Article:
Dec. 5 marks a momentous occasion for drinkers of these United States: the repeal of the 18th Amendment, or the end of alcohol prohibition if you didn't pay attention in American history. It happened to fall on a Friday this year, which meant the night was rough (good rough). Saturday morning met us with a cold, dry-mouthed scowl, but we managed to hoist ourselves out of bed for the healing powers of brunch.
South we went to Annoula's SoBo Café (6 W. Cross St., Baltimore, MD 21230,  752-1518, sobocafe.net). As we dashed out of the drizzle and into the full dining room, the staff greeted us with big smiles and promptly showed us to our seats. We could immediately feel the care, thoughtfulness, and speed of the dining room service.
Settling in to nurse our wounds, we sipped coffees and ordered a house-made cinnamon roll ($3) and perused the menu. Our eyes swept over standard brunch fare, such as scratch-made pancakes ($11), scrambles and eggy dishes ($9-$13), alongside hearty midday offerings like soups and sandwiches ($5-$13); but our eyes were drawn to the small, yet bold, selection of Mediterranean and North African provisions such as their spinach pie ($8)—a riff on spanakopita—and shakshuka ($12). Ready for food in our bellies, we ordered a little from traditional column A and a little from the zestier column B.
Before the roll arrived, our server delivered a complimentary plate of pumpkin bread. We received the surprise snack like a brunch-y amuse bouche, whetting our appetites for the meal to come. Each bite was light and fragrant; the bread was obviously made with fresh pumpkin, and was sprinkled with glaze and toasted pumpkin seeds. Eating the slices slowly, my companion and I made eye contact with one another only to point out how the bread seamlessly melded sweet and savory with soft and crunchy. This little morsel set the bar high for the rest of meal, but we soon discovered that each dish would meet or exceed our expectations.
The cinnamon roll joined our baked goods pre-game, a squat, doughy treat with a delightfully crunchy caramelized bottom and a tangy frosting top. We peeled apart its layers, revealing a sticky cinnamon paste that we made sure not to abandon a single smear of on the plate, our forks, or our fingers. Our Friday night wounds had indeed begun to heal—onward we marched!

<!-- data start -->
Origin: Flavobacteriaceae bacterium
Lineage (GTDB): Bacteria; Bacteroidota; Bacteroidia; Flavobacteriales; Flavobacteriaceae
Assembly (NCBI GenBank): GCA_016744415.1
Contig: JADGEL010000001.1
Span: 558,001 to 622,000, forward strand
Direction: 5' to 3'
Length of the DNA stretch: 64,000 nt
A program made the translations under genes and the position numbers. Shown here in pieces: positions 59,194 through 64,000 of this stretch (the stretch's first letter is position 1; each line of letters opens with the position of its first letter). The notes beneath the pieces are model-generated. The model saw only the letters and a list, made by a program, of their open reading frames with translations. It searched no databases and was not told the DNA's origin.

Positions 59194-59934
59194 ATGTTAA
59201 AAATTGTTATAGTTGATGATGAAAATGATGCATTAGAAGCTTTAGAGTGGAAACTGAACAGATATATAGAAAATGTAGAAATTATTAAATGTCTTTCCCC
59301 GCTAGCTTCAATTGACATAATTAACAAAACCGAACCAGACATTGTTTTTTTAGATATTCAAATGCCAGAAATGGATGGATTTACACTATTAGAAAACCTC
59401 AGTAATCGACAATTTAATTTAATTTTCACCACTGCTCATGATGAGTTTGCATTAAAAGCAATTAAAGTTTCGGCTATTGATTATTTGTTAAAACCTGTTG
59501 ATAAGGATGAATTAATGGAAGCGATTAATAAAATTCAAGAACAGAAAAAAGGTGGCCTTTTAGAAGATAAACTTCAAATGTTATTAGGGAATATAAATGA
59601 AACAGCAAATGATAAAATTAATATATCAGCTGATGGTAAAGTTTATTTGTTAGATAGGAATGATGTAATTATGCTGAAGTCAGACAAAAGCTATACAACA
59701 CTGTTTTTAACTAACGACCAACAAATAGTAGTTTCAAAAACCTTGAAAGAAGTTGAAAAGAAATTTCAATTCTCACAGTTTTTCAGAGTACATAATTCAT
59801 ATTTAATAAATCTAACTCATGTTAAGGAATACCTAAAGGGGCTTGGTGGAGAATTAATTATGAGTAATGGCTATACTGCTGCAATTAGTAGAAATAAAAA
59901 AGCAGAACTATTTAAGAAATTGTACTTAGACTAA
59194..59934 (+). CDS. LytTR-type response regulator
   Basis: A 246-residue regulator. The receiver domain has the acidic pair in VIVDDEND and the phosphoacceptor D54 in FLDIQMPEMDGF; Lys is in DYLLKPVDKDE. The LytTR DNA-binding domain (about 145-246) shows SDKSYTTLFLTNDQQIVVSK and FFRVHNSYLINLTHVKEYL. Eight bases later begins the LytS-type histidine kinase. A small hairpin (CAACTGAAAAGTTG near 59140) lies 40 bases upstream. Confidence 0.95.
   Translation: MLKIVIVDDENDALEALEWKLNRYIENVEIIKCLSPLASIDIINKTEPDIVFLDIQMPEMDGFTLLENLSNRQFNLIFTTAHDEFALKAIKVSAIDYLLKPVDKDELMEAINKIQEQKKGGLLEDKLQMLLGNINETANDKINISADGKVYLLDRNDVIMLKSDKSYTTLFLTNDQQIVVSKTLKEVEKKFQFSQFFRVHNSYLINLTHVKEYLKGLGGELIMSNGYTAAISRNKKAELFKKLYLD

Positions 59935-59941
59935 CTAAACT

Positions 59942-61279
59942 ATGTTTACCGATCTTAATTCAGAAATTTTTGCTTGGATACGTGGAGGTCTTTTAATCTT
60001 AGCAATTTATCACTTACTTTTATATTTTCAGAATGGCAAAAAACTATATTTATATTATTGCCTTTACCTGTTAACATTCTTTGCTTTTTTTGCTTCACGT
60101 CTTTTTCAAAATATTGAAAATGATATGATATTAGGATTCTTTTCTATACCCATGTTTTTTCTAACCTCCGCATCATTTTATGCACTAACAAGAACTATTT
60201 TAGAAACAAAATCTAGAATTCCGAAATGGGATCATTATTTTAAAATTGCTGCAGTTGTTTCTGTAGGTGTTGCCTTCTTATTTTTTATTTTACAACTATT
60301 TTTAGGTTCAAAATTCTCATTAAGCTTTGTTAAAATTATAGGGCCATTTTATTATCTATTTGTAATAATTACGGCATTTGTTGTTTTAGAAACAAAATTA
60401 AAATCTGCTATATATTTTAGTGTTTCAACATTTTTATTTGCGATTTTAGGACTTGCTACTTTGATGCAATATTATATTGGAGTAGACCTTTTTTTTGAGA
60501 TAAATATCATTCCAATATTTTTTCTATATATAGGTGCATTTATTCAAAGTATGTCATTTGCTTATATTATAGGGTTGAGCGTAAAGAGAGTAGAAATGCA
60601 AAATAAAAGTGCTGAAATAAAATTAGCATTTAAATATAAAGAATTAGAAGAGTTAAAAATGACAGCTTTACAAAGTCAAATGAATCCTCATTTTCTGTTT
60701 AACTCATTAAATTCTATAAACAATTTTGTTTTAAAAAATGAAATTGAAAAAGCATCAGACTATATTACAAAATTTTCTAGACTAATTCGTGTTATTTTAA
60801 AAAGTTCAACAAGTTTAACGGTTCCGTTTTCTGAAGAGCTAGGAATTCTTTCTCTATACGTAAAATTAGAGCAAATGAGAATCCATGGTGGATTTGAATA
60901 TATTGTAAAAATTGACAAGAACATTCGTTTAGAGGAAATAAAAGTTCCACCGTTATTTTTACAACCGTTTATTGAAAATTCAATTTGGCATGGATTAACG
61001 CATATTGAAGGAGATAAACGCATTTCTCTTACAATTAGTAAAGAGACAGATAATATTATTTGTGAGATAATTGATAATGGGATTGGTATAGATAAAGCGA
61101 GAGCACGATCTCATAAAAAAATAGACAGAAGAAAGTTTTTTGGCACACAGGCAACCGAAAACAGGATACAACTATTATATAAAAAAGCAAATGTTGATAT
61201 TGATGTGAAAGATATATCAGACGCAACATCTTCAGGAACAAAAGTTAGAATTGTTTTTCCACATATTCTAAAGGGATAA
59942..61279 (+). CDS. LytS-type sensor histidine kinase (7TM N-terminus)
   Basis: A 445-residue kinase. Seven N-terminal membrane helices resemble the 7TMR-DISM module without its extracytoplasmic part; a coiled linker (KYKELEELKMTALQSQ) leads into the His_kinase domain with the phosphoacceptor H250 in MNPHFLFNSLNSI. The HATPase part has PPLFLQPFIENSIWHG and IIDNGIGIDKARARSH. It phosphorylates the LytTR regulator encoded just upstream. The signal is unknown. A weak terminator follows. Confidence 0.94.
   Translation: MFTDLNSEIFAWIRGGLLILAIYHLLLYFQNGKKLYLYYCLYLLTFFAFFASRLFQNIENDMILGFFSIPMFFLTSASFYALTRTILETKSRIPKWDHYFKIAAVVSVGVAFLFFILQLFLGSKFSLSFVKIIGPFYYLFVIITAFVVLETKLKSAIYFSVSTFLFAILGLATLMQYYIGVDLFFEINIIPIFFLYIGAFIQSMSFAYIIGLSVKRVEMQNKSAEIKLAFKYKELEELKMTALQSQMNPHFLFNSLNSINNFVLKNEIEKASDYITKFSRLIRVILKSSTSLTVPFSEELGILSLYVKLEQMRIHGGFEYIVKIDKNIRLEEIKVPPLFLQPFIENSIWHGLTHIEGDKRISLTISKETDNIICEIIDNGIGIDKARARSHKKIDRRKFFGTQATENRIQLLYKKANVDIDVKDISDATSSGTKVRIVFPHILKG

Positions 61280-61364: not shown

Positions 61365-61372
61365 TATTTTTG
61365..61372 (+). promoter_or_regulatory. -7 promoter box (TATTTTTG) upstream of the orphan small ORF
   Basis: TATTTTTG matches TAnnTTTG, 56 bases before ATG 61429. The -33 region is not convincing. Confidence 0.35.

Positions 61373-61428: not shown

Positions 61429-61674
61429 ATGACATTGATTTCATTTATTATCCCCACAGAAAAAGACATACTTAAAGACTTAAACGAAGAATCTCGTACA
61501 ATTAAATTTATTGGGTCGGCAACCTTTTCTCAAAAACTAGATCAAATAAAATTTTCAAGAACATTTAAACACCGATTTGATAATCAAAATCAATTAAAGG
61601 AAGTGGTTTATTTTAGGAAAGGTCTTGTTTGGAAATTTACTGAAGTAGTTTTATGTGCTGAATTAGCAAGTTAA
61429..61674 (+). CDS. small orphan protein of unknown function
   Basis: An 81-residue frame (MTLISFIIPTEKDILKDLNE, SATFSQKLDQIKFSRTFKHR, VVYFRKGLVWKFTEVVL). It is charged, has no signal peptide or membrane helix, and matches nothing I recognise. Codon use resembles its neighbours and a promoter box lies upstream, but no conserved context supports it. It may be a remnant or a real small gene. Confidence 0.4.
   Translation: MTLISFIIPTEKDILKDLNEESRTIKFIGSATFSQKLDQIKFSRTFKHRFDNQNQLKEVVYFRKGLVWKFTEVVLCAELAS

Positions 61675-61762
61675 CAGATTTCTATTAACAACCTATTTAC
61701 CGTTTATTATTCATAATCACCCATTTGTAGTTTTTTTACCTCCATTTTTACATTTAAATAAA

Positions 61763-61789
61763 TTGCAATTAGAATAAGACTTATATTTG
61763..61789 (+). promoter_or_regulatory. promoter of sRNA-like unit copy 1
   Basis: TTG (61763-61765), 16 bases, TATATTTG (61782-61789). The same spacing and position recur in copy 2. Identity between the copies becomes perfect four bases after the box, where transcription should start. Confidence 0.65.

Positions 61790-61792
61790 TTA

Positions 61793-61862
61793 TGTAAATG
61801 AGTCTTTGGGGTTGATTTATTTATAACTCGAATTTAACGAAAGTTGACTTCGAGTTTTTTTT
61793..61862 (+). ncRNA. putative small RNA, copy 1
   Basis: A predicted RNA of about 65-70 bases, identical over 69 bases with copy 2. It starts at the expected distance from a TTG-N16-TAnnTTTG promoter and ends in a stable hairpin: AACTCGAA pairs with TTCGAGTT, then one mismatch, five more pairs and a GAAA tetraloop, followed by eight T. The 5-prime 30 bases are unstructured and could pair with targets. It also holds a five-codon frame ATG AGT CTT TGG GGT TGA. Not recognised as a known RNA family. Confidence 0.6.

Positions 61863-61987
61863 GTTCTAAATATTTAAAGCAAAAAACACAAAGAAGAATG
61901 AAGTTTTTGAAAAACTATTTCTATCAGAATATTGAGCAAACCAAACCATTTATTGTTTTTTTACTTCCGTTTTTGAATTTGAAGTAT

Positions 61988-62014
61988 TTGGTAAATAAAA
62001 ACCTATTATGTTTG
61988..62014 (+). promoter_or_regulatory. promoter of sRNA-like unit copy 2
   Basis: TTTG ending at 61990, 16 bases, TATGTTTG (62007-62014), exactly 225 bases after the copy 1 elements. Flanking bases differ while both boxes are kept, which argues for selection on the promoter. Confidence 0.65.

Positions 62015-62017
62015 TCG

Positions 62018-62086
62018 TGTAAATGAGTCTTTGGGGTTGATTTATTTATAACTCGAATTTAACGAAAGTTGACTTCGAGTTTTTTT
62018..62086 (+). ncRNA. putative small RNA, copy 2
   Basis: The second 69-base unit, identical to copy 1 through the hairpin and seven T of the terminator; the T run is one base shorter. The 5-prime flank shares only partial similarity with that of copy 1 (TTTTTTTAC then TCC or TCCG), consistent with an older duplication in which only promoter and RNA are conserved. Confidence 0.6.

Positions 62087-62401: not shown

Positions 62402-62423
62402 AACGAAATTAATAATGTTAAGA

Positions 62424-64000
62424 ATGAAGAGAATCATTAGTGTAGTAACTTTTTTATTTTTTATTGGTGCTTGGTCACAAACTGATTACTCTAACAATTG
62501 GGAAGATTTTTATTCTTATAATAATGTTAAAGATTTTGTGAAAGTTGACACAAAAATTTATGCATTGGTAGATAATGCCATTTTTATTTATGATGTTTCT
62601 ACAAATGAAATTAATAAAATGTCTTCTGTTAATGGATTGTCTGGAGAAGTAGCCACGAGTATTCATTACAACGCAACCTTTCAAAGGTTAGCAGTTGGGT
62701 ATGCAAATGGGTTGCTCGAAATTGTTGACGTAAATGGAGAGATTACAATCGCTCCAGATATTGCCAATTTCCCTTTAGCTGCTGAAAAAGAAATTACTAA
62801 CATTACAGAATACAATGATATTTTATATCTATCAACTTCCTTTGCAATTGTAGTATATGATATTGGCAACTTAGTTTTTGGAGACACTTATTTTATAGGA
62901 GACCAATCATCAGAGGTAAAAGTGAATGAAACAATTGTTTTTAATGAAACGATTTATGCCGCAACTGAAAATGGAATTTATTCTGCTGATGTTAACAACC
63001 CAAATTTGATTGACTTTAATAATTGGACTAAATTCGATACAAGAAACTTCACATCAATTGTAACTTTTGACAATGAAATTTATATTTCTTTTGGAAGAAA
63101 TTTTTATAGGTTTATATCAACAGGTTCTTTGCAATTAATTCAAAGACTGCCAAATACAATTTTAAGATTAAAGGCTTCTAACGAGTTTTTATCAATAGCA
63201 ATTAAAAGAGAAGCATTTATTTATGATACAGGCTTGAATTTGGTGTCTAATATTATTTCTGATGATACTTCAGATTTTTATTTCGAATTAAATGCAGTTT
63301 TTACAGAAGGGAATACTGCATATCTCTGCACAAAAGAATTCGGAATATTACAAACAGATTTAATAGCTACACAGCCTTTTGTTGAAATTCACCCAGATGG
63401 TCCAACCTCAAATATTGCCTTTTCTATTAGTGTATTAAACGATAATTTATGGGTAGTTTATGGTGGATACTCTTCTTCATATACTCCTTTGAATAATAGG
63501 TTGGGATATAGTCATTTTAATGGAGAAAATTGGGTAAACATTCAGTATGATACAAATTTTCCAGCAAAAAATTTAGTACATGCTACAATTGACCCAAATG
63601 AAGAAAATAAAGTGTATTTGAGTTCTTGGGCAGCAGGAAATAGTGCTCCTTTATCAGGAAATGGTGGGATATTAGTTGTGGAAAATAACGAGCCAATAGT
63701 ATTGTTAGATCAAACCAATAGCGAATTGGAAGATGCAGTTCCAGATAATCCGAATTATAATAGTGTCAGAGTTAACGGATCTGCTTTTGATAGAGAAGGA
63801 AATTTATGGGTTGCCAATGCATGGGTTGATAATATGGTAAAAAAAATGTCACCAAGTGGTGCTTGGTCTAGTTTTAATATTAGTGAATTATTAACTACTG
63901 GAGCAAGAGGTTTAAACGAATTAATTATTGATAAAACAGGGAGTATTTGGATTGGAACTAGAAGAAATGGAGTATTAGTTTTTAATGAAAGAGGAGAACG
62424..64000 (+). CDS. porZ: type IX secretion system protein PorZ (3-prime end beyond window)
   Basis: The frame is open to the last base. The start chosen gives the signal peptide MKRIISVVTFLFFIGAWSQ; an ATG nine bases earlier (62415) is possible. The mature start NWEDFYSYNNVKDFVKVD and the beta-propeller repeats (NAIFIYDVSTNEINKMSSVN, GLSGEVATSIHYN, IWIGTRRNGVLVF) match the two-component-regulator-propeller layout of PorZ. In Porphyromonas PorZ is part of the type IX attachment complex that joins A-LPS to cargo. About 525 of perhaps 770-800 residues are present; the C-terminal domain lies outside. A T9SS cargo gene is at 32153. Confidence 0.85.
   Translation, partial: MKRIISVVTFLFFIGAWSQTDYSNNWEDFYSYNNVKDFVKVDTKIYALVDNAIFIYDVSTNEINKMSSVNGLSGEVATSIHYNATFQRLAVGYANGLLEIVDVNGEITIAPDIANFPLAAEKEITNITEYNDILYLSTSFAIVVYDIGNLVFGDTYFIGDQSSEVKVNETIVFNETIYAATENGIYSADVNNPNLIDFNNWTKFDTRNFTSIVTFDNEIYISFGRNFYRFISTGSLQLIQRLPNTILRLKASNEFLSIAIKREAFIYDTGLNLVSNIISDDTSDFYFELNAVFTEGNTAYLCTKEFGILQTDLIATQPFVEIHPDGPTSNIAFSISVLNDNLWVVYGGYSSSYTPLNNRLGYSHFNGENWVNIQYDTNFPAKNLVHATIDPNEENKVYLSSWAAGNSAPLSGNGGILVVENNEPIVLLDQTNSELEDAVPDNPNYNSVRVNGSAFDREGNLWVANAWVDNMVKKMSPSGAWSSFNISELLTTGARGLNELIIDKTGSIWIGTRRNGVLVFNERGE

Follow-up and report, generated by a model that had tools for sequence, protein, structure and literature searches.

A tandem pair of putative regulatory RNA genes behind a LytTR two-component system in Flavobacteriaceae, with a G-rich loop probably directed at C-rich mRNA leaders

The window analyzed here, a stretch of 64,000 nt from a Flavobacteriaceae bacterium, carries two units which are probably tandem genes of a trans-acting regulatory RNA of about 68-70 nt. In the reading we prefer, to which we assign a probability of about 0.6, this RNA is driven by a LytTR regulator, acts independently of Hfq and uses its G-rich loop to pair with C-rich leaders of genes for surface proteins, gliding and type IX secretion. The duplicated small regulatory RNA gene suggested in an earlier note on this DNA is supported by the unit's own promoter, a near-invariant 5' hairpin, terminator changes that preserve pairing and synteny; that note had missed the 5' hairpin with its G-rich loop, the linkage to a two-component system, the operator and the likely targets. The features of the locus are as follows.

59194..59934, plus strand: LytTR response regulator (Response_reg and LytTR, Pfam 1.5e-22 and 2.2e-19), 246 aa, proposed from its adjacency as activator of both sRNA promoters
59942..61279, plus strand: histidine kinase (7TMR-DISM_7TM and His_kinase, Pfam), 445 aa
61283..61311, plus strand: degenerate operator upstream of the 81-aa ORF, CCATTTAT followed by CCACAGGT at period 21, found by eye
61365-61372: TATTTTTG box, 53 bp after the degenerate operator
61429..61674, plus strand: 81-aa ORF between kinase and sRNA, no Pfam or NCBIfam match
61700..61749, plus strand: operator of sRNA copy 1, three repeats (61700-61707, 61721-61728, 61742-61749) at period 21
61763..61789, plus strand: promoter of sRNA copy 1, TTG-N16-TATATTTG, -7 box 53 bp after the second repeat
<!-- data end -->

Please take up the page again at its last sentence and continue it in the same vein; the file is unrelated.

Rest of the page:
Cream Chipped Beef ($14) arrived on an oblong platter showcasing the buttery biscuit, gravy, and fried eggs. Having never been a biscuits-and-gravy kind of gal, our face turned serious with each bite. This! More of this! First, that biscuit was hands down the best biscuit we've unearthed in Baltimore. Shoot, this could be the best biscuit we've had anywhere. Fightin' words, we know, but we're easily talking top two. Second, the gravy and eggs pulled this dish together not as a bread-sauce gut bomb, but as a perfectly crafted dish to which all other biscuits and gravy should aspire.
Our attention turned to the shakshuka, a stewed tomato and egg dish with North African and Middle Eastern origins. It isn't seen much in these parts and we'd never tried it before. The plate presented us with a pile of spicy roasted tomatoes, topped with poached eggs, and feta cheese served with thick-cut honey wheat bread. Crunchy home-baked bread in hand, we shoveled the saucy mess into our faces. If this is what shakshuka is, we want more shakshuka!
As the staff cleared plates and chatted with us, we felt increasingly at home in their bright, comfortable dining room. We sipped our coffees and drank more water, discussing how lucky we felt that we discovered this little gem.
If pushed, we have one gripe: The coffee, while it did its job, tasted cheap compared to the quality of the rest of the meal.